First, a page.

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  • Geoff Cordner

When Stumps Are Drawn

Updated: Jan 5, 2021

In mid-September 2019 North Ryde RSL Cricket Club had decided to open its 2019-2020 season with a fundraising event in aid of the McGrath Foundation. It is a cause we have supported over a number of years, although traditionally Pink Stumps Day - as this particular event is habitually known ‑ has been held towards the end of the season rather than at the beginning.

Because it was, on this occasion, the opening event of a new season, my arrival at the Club’s home ground was my first opportunity for quite some time to catch up with many other players and members. When I last saw most of them at our Club’s Presentation Night, held during the off-season, Ben’s death had been fresh in everyone’s mind, and was acknowledged in various significant ways during the course of the evening.

But whereas at Presentation Night the Club and its members were focussed on the events of the previous season, at Pink Stumps Day most people’s thoughts were turned almost exclusively to what lay ahead. On reflection, I should have realised that would be the case, and I should have been prepared for it. But I wasn’t. And with Linda and Tim having competing commitments, and being thus unable to accompany me, I found myself like a row of tired old paperbacks without the bookends I needed to keep myself emotionally upright ‑ on a day that would prove far far more challenging than I could ever have anticipated.

In the first few minutes after my arrival at the ground the general chat amongst the group was about all the usual pre-season things:

What do you reckon’s going to happen in the footy finals?;

How was your off-season?;

You look like you’ve been in a pretty good paddock champ;

What team do you think you’ll be playing in this season?;

Have we recruited any new players?

And so on.

Ordinarily that would have seemed absolutely normal and natural to me, and I wouldn’t have thought twice about it. But in 2019 this harmless good-natured banter was one of the most sobering reality checks I had experienced in a long time. “The world has moved on” I was being told. Not explicitly of course, but effectively nevertheless. And yes, it may well be your first season without Ben around, but you can’t expect everyone else to be feeling quite the emptiness that you are. Wake up to yourself.

I could feel the emotions starting to well up and overwhelm me. Hastily I excused myself from the group to do a lap of the oval, ostensibly to remove a few fallen branches from the perimeter of the playing surface. A circuit that would normally have taken a couple of minutes took a quarter of an hour, with a number of lengthy stops along the way. And for virtually the entire time I sobbed mournfully.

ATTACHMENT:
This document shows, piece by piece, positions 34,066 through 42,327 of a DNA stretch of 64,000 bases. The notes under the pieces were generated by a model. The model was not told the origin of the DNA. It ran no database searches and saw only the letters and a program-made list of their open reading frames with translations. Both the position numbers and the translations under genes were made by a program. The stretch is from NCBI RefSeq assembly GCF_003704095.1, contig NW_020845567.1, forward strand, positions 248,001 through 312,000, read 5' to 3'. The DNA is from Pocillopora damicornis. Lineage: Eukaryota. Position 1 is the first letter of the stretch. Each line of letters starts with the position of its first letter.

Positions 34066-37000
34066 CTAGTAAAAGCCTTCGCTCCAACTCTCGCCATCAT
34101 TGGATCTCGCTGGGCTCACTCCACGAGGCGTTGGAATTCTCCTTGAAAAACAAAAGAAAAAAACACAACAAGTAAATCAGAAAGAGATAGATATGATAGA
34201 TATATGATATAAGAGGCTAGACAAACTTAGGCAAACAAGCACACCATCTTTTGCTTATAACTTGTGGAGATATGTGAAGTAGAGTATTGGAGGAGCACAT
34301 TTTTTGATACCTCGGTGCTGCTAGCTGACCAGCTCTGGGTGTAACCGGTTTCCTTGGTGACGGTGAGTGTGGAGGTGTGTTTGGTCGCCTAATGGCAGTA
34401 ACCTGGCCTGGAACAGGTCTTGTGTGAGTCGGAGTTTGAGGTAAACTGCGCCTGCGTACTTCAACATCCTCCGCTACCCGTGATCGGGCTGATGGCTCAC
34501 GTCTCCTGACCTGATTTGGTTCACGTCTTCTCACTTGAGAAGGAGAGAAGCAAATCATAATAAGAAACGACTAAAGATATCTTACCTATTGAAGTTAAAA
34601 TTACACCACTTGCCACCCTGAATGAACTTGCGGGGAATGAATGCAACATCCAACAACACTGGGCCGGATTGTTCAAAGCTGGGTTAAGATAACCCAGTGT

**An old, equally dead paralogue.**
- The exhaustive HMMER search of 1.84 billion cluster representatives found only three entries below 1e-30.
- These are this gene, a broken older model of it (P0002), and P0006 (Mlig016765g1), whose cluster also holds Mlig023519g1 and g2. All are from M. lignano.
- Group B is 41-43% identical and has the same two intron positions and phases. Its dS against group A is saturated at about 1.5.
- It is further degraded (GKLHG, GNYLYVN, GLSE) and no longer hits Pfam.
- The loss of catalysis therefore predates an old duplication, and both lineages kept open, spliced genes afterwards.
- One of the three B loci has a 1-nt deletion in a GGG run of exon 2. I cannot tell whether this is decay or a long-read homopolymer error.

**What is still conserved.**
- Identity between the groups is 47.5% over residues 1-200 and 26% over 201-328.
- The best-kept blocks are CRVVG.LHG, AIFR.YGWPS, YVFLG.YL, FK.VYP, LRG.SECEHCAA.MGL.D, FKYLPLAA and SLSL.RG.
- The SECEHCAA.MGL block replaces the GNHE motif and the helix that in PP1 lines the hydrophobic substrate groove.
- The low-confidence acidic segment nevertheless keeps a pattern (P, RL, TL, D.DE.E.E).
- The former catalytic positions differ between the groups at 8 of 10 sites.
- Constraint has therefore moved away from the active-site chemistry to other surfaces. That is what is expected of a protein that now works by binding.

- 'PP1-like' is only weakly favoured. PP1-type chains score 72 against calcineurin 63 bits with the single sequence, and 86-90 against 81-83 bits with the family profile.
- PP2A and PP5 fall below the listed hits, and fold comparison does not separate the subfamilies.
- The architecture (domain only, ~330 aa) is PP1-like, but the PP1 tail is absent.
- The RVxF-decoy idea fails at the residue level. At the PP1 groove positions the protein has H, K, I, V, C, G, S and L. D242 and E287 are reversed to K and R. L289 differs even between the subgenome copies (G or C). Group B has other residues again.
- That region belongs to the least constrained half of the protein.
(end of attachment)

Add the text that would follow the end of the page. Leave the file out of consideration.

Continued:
If you had asked me at any point during the course of that painstaking lap whether I was going to continue playing cricket I would have given you a categorical NO in response.

Without question, without hesitation.

And at day’s end, as I bowled the final over of the match, and conceded the winning runs to our opposition in what was, after all, a charity match, nothing had changed. I was ready to pick up my gear, head home, and never lace up a boot, or strap on a pad again.

As I contemplated my departure from the ground, and my retirement from the game, alone in my own self-pitying world, a good friend approached to ask me how I was going. She told me I looked “shattered”. With moistening eyes, and through wavering lips, I confessed I was, and explained why. She hugged me silently, and gave me a look that said

“There’s nothing I can do to ease your pain, but I think I understand”.

That brief moment of compassionate sensitivity was enough to encourage me to stay around the group for a few minutes more; a few minutes that somehow extended to an hour and a half; an hour and a half that led ultimately, and fortunately, to another season of cricket with the Club to which I owe so much, and to which no thanks will ever be enough for the incredible opportunities and memories that have been gifted to my family and I. A season I will always remember, and treasure, albeit for the most conflicted and tortuous of reasons.

The truth is I came so close that day to drawing a curtain forever on my participation in the game I love. With the benefit of 20 months’ hindsight I am sure now that I will forever remain thankful I didn’t.


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